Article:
I wonder, at this point in my life, if I’m too tired to do this. If I’m too busy to do this. I feel overwhelmed a lot of the time with adult responsibilities, and now I’m piling on another one.

Grit and determination. If ultrarunners can get through what seem like insurmountable obstacles to get to the finish line, I can surely do this.

Life, Death, and Donations

October 9, 1989 – I was a freshman in high school. I was at my locker before homeroom, preparing for the day. A friend approached me, her face very serious and sad.

“Sherry died last night,” she announced.

I raged at her. Told her to shut up. It couldn’t possibly be true. Sherry was only 14.

And yet, I knew it was true. On some level, I expected it.

In homeroom, I listened to the announcement of her death over the intercom. Most of my classmates came from other middle schools and didn’t know her. I was one of the few who cried. Later that day, I got a note from a friend saying that this was the worst day of her life. I had to agree. Losing a best friend is brutal at any age, but it’s incomprehensible at 14.

Sherry was one of my best friends in middle school. She had an illness – the name of it escapes me now – which weakened her lungs and made it difficult for her to breathe. When we first met, she could do most everything that healthy kids our age could do. Birthday parties, school dances – she even played clarinet for a time.

I think it was around 7th grade when her illness became more apparent. As her heart and lungs weakened even more, she stopped participating in normal activities. Every day, her father would carry her up the stairs at school for classes and then down again at the end of the day. Since she couldn’t take the stairs, my friends and I would take turns getting her lunch tray and taking it up to her. We’d all have lunch together.

She started appearing in the local news. There were spaghetti dinners and other fundraisers to help the family with medical expenses. She was on a wait list for a heart and lung transplant.

In 8th grade, she no longer came to school. She was too sick, so she continued her education at home. Meanwhile, everyone waited and hoped for a donor.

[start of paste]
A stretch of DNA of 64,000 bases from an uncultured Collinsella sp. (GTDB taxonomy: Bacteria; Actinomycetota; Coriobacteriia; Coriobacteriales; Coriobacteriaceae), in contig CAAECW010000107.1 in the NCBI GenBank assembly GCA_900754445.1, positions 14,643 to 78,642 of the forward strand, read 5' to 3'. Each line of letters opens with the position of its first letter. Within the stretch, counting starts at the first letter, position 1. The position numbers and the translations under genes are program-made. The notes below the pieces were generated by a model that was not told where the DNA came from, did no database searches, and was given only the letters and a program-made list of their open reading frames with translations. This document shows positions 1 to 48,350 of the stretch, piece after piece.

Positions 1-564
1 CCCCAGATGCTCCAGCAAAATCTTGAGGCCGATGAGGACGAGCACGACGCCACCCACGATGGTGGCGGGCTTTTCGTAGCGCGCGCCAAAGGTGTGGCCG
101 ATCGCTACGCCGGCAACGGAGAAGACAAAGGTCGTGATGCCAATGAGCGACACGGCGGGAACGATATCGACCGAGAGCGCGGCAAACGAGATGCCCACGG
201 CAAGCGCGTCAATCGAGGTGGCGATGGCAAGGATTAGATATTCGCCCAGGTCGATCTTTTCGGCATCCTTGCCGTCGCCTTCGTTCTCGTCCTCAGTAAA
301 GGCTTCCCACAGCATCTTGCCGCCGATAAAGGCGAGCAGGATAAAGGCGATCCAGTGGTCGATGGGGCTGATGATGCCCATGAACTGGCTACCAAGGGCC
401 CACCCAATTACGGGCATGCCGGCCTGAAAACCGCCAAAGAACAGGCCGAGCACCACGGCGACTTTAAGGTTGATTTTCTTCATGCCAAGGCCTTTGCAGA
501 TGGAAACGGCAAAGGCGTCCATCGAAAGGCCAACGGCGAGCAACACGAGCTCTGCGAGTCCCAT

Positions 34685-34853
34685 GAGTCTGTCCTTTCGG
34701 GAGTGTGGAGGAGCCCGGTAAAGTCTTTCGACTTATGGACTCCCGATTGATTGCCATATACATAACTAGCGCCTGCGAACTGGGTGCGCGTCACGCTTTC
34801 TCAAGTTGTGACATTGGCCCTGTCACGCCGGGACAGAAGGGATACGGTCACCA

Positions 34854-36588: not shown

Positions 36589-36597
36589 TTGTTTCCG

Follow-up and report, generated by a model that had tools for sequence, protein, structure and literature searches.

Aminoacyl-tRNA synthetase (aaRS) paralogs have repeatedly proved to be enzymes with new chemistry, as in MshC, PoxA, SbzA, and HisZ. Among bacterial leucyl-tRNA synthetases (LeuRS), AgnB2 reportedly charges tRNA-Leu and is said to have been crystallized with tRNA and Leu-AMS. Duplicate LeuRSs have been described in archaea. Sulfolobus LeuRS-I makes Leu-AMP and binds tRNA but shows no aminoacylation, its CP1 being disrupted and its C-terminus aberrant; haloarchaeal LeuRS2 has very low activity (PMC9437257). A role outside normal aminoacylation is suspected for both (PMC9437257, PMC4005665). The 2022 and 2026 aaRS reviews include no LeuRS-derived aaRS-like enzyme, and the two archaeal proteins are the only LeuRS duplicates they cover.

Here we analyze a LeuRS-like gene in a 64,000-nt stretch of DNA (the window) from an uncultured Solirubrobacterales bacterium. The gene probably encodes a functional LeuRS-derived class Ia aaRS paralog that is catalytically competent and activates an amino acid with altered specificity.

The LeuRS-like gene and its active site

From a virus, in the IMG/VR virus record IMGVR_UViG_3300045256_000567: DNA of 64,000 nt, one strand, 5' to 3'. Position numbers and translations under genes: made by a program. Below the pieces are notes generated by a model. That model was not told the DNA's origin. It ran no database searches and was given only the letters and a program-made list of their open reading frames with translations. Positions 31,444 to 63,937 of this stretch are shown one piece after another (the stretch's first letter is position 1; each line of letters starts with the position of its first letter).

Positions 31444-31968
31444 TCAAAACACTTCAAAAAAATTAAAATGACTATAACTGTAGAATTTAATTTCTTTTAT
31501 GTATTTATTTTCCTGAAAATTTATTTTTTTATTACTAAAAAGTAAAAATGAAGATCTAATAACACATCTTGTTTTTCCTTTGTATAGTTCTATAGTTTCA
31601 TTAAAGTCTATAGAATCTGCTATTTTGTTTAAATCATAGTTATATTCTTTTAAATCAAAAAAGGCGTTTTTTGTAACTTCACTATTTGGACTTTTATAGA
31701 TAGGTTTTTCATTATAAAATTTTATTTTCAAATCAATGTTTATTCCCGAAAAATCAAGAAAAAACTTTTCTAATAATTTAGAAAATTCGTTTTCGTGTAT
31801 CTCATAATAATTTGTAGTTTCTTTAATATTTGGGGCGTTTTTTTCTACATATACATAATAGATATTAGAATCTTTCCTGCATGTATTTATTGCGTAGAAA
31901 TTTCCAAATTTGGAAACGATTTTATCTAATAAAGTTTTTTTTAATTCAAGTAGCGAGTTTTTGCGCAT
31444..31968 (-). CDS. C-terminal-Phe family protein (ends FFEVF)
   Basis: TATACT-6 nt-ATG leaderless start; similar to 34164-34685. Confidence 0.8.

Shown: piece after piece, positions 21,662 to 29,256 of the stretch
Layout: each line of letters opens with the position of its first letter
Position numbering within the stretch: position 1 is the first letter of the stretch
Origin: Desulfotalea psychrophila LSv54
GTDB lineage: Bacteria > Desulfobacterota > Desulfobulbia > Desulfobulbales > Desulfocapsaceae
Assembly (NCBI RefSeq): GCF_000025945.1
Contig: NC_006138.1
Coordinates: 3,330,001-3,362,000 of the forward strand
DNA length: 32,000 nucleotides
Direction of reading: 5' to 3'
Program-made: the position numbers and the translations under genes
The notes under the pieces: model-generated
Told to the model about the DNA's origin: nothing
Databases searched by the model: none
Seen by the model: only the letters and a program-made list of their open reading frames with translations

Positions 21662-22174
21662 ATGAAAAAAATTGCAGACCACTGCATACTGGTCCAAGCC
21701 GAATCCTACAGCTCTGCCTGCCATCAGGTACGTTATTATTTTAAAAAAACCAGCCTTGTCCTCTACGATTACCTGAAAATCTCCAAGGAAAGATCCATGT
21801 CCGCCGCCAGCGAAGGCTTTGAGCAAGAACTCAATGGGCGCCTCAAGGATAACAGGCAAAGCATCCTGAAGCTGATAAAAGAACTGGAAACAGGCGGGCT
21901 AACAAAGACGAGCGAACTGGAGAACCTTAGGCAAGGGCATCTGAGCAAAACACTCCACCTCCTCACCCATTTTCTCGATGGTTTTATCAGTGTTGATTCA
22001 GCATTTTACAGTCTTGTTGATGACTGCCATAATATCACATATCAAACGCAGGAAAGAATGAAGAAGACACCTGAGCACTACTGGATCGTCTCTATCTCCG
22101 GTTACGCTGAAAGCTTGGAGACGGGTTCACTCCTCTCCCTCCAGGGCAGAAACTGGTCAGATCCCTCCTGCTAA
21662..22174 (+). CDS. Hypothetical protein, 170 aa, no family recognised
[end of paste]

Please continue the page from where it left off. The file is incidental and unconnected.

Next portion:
I wrote to her often that year. She never wrote me back. To this day, I don’t know why. Did my letters upset her? I wrote about events at school – a life she could no longer participate in. Did she know she was dying? Probably. Maybe she was trying to pull away from all her friends, thinking it would make things easier for us. I will never know.

Just a couple days before she died, I wrote her another letter. I remember walking into my bedroom later and seeing it. I crumpled it and threw it away, thinking she would never write me back anyway, so why bother? I’m so glad I didn’t send that letter. Her parents would have received it right after she died.

I didn’t go to the visitation later that week. I couldn’t bear it. There was a finality to seeing her dead in a casket that I couldn’t handle. The funeral felt safer. The casket was closed. I remember the funeral being on Friday the 13th.

Since that time, I’ve been advocating for organ donation. I signed up as an organ donor when I got my driver’s license a couple years later.

Today, on this 29th anniversary of her death, the bloodmobile came to work. I have no intention of donating organs any time soon if I can at all help it, but blood, I can donate. It seems fitting to do it today.

img_20181009_122324_847

Thinking of you, Sherry. And today, I’m wondering who you would have been if you had only gotten that organ transplant that would have saved your life. You never got the chance to grow up, but hopefully I can give a chance at life to someone (or multiple someones) when my time comes to an end.